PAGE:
Uganda asks for Indonesia advice on sharia banking
The Jakarta Post
The Ugandan central bank is currently struggling to address demands for the first sharia bank in the East African country.
Bank of Uganda, the republic’s central bank, has therefore sent delegates to Indonesia, home to the world’s largest Muslim population, to learn more about Islamic finance.
The visit of the Ugandan central bankers underscored the world’s acknowledgement of the rapid development of Indonesia’s Islamic banking industry, a Bank Indonesia (BI) official said.
Bank of Uganda is expecting the first sharia bank in the “pearl of Africa” in early 2012 after the nation’s parliament is expected to pass a law permitting the establishment of Islamic banks.
As the Ugandan central bank is working to secure parliamentary approval, several delegates are learning from a seven-day comparative study visit thousands of miles away in Indonesia, where 90 percent of the 237 million citizens are Muslim and where Islamic finance has been growing at rates never before seen.
“We’ve learned how Bank Indonesia has developed Islamic banking, the laws that have been put into place, how they are regulated and supervised and about Islamic bank licensing,” Bank of Uganda deputy legal counsel Titus W. Mulindwa told The Jakarta Post after a news conference at BI headquarters in Jakarta.
Mulindwa said the delegates have visited three different types of sharia banks in Indonesia, namely sharia commercial banks (Bank Syariah Mandiri), sharia business unit (Bank CIMB Niaga Syariah) and sharia people’s credit bank.
Grace Stuart Ndyareeba said demand for Islamic banks was high in Uganda, where only 17 percent of 30 million citizens are Muslim.
“We in Uganda know that Islamic banking is not only for Muslims. It’s another financial product,” he said, adding that conventional banks in the country charge “very high interest rates expensive for consumers”.
However, there are laws that prohibit Islamic banking in Uganda and the central bank has proposed amendments to the parliament. Indonesia, Southeast Asia’s largest economy, passed a law in 2008 that allows banks to offer services that comply with the Islamic ban on interest charges.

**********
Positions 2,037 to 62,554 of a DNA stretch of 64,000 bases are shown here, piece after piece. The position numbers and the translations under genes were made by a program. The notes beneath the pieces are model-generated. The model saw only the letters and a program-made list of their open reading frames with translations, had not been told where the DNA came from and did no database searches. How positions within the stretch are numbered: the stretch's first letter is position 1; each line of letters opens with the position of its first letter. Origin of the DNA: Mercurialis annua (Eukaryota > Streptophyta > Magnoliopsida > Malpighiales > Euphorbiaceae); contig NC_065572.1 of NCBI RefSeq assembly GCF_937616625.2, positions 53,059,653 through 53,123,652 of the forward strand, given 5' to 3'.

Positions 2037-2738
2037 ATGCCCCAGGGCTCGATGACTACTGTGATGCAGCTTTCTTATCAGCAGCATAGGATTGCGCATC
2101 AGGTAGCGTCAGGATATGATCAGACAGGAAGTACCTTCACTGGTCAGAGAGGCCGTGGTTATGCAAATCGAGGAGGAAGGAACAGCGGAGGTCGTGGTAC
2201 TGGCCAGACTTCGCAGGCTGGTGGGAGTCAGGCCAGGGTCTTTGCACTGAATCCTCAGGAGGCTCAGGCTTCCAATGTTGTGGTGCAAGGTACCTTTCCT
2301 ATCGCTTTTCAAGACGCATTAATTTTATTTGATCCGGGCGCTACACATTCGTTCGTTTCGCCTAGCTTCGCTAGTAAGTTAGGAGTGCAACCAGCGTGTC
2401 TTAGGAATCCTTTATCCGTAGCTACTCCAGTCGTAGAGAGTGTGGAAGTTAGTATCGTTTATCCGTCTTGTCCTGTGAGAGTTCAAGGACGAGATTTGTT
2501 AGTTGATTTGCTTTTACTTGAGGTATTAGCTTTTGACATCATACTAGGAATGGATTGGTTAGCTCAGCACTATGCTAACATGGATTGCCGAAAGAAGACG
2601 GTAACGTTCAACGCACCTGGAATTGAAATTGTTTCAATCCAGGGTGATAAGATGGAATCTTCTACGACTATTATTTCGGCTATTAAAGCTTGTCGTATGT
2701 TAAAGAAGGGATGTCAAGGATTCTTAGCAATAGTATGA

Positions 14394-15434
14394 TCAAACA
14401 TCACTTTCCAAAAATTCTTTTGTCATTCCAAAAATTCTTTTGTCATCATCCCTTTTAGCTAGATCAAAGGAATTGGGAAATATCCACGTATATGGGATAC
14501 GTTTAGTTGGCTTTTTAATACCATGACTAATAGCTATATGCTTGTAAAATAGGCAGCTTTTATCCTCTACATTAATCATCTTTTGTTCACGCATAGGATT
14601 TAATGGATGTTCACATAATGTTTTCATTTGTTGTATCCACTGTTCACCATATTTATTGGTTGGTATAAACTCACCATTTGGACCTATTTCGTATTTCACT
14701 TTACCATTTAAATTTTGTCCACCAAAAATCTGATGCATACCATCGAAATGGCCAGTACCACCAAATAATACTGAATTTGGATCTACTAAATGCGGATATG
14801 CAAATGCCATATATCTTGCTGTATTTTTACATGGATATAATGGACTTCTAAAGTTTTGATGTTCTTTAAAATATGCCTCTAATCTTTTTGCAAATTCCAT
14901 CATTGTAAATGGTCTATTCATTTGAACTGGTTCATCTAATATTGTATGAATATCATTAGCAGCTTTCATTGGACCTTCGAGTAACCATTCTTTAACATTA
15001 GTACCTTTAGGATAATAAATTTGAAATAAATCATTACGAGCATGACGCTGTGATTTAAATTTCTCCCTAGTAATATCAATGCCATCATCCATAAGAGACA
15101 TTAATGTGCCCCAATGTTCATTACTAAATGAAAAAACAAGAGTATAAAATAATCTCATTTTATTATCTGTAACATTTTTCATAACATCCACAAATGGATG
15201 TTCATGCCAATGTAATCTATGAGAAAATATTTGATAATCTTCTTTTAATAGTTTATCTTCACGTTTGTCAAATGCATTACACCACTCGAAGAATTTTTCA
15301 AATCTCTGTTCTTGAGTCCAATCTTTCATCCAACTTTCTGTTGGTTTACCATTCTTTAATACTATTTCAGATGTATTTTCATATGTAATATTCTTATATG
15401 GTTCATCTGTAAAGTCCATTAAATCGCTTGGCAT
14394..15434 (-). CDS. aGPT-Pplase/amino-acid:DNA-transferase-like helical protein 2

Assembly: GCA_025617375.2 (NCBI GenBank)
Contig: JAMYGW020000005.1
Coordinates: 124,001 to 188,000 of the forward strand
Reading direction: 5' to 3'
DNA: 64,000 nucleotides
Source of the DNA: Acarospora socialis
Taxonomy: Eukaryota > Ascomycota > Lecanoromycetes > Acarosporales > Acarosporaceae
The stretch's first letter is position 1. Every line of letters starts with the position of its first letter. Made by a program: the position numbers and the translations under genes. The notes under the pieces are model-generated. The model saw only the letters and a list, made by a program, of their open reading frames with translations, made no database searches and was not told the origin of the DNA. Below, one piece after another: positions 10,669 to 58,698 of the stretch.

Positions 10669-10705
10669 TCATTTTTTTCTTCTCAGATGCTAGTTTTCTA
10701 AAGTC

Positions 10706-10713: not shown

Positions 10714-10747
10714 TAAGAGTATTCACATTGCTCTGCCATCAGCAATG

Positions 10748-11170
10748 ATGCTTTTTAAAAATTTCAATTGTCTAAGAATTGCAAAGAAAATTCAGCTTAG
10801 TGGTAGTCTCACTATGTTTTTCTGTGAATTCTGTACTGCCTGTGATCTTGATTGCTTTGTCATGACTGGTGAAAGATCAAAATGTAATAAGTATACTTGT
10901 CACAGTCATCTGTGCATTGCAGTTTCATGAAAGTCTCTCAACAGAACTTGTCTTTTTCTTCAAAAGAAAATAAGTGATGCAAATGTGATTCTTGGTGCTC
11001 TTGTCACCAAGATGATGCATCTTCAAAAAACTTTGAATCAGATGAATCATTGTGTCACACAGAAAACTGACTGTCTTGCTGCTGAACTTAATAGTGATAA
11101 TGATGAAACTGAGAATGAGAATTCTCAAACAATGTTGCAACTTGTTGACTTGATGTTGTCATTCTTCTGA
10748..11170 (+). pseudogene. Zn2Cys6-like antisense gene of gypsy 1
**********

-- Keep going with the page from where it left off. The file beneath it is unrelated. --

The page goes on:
“It also happened with us. The public demanded Islamic banks and the legislature approved a banking act that made it possible for Islamic banks to operate,” BI director for Islamic banking Mulya Siregar said.
“Otherwise, substantial funds would be idle. By opening Islamic banks to answer the demand, the funds could be used to finance the real sector.” Ndyareeba said that was exactly what is happening in Uganda.
“Demand is high and the central bank is mandated to answer that demand. As a central bank, it’s our duty to make the financial sector conducive for investors,” he said, adding that three banks from the Middle East were interested in investing in Uganda.
“The Middle East investors can acquire a local bank or set up a new Islamic bank to start operations.”
The establishment of an Islamic bank, however, still awaits parliamentary approval of the proposed amendments. “We are hopeful that by the end of this year, or early next year, we should have the first Islamic bank license,” Mulindwa said.
“We’ve taken a lot of notes from the visits and a lot of literature and books to broaden our knowledge,”
he said, adding that the delegates would also visit Malaysia and Dubai for the Islamic banking comparative study.
During the visit, Mulya announced that sharia banking assets in Indonesia grew 47 percent in 2010 to Rp 100.26 trillion (US$11.14 billion), and there were expectations of another 45 percent growth this year.
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